Television Will & Grace

Will & Grace – A Gay Olde Christmas

Will, Grace, Karen, & Jack wish they could have experienced Christmas in old New York City, but realize the past was not quite as romantic -- or open to diversity -- as they pictured it
Will & Grace - Season 1
Chris Haston / NBC

Tonight, NBC aired a special Christmas episode of Will & Grace and if you haven’t seen it, please stop reading this post and go watch it – but then promise you’ll come back!

Very special holiday episodes tend to feel like PSAs and after school specials that really want to teach you something and uplift you and this W&G one was no different.

After getting tired of waiting in like for their table at a restaurant on Christmas Eve, the gang decide to forget it and leave, but duck into a small museum so Grace can pee. Since the bathroom is only for customers who take the tour, they agree to take it. Throughout the whole thing, Will had been complaining about how much better things must have been in the old days, and how he doesn’t feel like celebrating with everything going on in the world.

This museum, the immigrants historical society, really puts him in perspective for him – and Will, Jack & Karen, and reminds them of their privilege – kinda.

Will & Grace - Season 1
Chris Haston / NBC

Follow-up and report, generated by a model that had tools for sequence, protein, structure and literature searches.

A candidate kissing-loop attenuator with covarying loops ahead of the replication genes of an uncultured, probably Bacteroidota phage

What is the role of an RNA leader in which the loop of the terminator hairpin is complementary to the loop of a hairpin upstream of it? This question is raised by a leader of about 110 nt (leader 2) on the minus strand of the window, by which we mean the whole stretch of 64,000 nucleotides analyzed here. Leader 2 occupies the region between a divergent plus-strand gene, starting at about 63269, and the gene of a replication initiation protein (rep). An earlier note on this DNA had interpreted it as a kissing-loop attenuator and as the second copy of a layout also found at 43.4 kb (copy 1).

While the museum tour guide is telling them the story of an Irish American immigrant and her evil landlord, the gang sees themselves in each role and we get to see it through them. Karen becomes the immigrant mother of 7, Jack the sailor she boards, Will her evil closeted landlord, and Grace his outspoken wife.

The landlord comes to collect the single mothers rent money on Christmas Day and promises to evict her if he doesn’t get it. While he’s threatening eviction, he’s also flirting with the handsome sailor, who in the end uses his manly wiles to seduce the landlord and – like in a porn with bad writing – have him forget the rent for that month.

While they settle things like men, the women get to talking and relating to each other despite their enormous societal differences. The whole flashback-y sequence seems to serve the purpose of reminding us how much worst it was for women and gays back then (with no mention of people of colour and the hell they had endured, but it’s not new for this show to ignore race completely and pretend to be woke) and forcing the audience to feel grateful for where we are today.

In the end they come out of the museum with a new sense of gratefulness and Grace starts singing in the street. In all honestly we could have done without this episode, but Megan Mullally’s accent was a thing to behold.

Will & Grace - Season 1
Chris Haston / NBC

Will & Grace will return with new episodes in the new year. 

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